I was wealthy by student standards but I didn't take it for granted always worked.

intitgrand Fri 13-Sep-13 22:26:08

why can't your dd get a loan at under 18?
It is not legal to lend money to under 18s

7to25 Wed 11-Sep-13 13:55:28

£250- £300 pcm

And no extras.

mumeeee Wed 11-Sep-13 13:48:38

We have helped DD1 and 2 through university by paying all their hall fees in first year which included bills. In the second and third yeasr we paid most of their rent but they paid some and all their they also paid all the bills. They got part time jobs. Once they finished uni they were expected to fend for themselves we didn't contribute towards rent or anything except for occasionally sent some bits and pieces. We will be doing the same for DD3. We put some money in a couple of ISAs a few years ago to enable us to do this. Although I think some of DD3's rent will have to come out of our current account.

goinggetstough Wed 11-Sep-13 13:43:30

Agree totally Chunky with regard to the OP's DD. She is definitely incredibly lucky to have the holidays paid for as well!
Though I think that parents are now forced into contributing more than they used for university to due to the reasons I gave above. Plus we also obtained our university experience for free and therefore feel that if we can contribute then we will.
My DCs are expected to work in the summer holidays and during term time if they can get a job. My DC1 just graduated and had a job. DC2 about to start so we will see...

ChunkyFicken Wed 11-Sep-13 13:29:45

Oh I get that the Gov, in its wisdom, demands parents contribute and so many do. I expect we shall as well. But I also expect my children to help themselves a bit and work in the summers before and during uni to save up for their beer/whatever money.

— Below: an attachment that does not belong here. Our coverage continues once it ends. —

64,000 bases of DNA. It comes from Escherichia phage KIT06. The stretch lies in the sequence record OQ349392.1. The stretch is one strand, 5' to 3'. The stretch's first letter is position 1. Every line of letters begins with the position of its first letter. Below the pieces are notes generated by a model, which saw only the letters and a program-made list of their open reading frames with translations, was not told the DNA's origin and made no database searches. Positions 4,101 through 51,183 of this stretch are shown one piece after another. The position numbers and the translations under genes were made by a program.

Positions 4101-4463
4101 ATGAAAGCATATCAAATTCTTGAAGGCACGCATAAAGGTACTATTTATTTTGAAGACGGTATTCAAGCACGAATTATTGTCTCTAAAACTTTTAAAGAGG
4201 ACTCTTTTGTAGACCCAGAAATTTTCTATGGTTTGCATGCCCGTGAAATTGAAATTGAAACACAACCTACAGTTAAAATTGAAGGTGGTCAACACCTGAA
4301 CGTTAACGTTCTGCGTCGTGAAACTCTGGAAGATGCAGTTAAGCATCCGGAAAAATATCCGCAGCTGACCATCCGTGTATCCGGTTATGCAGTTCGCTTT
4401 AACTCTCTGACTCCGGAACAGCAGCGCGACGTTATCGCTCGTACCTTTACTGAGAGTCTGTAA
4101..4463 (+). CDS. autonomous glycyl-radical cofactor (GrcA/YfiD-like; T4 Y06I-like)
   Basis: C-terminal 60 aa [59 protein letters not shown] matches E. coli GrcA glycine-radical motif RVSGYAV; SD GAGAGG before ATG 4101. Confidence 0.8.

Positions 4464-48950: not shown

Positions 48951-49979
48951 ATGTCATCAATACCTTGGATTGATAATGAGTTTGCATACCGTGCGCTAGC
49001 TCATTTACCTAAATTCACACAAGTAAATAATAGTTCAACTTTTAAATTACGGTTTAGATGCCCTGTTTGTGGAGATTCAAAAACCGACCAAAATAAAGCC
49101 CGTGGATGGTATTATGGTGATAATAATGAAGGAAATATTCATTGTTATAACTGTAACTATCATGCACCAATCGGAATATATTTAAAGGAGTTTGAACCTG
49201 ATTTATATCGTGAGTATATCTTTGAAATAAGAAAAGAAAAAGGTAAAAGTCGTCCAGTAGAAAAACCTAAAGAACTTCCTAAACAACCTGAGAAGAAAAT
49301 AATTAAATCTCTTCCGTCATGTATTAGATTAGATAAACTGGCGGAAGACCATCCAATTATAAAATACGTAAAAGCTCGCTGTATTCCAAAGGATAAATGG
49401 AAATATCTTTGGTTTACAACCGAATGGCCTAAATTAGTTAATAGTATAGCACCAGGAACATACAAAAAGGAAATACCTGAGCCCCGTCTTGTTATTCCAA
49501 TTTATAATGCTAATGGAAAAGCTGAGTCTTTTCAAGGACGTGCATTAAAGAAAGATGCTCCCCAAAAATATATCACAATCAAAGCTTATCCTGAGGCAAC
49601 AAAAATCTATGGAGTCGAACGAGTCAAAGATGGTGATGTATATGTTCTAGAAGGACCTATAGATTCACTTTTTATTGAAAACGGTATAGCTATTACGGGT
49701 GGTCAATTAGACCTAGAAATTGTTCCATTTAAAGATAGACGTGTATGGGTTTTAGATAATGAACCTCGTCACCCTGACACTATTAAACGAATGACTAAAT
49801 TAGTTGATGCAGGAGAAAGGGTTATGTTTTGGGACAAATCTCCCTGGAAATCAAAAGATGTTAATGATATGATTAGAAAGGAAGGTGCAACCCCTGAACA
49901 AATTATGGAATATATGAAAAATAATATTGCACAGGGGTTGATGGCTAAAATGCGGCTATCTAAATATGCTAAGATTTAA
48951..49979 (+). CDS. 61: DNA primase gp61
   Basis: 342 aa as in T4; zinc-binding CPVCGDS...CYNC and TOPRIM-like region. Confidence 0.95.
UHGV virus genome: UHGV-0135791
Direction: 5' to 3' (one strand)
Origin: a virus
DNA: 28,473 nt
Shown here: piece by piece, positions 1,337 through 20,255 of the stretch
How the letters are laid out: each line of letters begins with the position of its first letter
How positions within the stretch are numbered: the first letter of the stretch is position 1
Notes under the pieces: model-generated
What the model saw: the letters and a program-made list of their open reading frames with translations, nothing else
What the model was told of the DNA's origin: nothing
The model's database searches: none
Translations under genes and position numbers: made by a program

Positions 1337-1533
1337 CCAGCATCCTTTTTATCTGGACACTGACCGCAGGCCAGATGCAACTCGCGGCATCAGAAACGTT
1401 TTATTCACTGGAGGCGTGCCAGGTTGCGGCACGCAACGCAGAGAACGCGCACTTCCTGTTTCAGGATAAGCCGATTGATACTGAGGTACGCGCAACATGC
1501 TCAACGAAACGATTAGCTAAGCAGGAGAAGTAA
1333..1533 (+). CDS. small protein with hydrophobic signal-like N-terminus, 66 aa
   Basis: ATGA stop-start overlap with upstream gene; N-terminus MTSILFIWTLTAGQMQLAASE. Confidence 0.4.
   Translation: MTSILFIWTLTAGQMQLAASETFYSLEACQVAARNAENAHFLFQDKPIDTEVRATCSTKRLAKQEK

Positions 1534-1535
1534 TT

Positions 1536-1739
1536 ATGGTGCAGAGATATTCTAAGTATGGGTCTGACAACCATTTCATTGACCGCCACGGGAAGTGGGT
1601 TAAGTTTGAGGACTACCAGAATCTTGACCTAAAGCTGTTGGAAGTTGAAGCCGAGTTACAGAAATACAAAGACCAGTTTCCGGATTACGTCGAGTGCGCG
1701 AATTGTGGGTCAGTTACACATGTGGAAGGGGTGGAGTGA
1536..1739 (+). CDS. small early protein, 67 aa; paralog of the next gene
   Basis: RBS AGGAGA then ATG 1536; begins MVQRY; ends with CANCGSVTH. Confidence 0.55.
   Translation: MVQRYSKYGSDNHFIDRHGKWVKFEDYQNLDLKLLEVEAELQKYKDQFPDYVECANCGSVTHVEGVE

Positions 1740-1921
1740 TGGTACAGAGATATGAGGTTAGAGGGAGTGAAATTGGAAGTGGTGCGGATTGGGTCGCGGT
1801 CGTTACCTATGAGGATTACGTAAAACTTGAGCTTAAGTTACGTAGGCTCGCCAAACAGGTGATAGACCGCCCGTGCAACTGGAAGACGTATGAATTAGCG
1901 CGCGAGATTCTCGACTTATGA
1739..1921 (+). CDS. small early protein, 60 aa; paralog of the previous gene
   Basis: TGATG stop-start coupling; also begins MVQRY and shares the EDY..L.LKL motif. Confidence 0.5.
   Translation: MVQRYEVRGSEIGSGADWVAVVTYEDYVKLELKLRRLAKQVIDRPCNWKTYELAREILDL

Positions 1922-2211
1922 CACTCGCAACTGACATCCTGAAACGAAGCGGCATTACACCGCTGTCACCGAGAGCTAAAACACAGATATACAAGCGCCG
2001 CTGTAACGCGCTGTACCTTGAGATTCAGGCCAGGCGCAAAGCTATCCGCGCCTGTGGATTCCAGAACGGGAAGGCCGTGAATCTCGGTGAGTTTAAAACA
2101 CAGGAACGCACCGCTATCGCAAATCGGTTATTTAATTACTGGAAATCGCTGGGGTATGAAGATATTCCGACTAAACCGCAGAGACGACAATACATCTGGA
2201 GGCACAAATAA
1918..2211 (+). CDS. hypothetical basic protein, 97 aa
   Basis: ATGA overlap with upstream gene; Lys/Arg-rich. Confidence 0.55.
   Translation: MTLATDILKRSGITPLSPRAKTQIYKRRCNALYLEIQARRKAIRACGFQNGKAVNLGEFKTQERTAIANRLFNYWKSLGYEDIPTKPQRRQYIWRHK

It just seems the OP's daughter is having a fair amount spent on her, holidays etc, and is not remotely interested ('has no inclination') to help towards funding anything. And by the sounds of it the OP isn't expecting her to contribute anything either.

It just seems that, generally and not just in regards to uni, from what I've seen on this thread and others that parents are expected, and expect, to continually fund their offspring. I was wondering if this is the new norm or do such parents actually, at some point, make the 'child' stand on their own two feet...

Sammie101 Wed 11-Sep-13 13:24:19

Why is she not getting loans and grants? And why does she not get a job? Depending on her course she'd have free time to study and work.

My dad didn't give me any money when I went to uni, he helped me with buying furniture and moving which I appreciated a lot more.

University isn't just about getting a degree, it's about being independent and learning to provide for yourself.

creamteas Wed 11-Sep-13 13:23:20

My last uni 'banned' term-time working, but students still worked. No one ever gets thrown out for working, unless they start missing classes or assessments.

goinggetstough Wed 11-Sep-13 13:20:48

chunky I agree with your saying that DCs should at least get summer jobs as future employers value the skills that can be learnt. Students do need to learn to budget and live within their means.p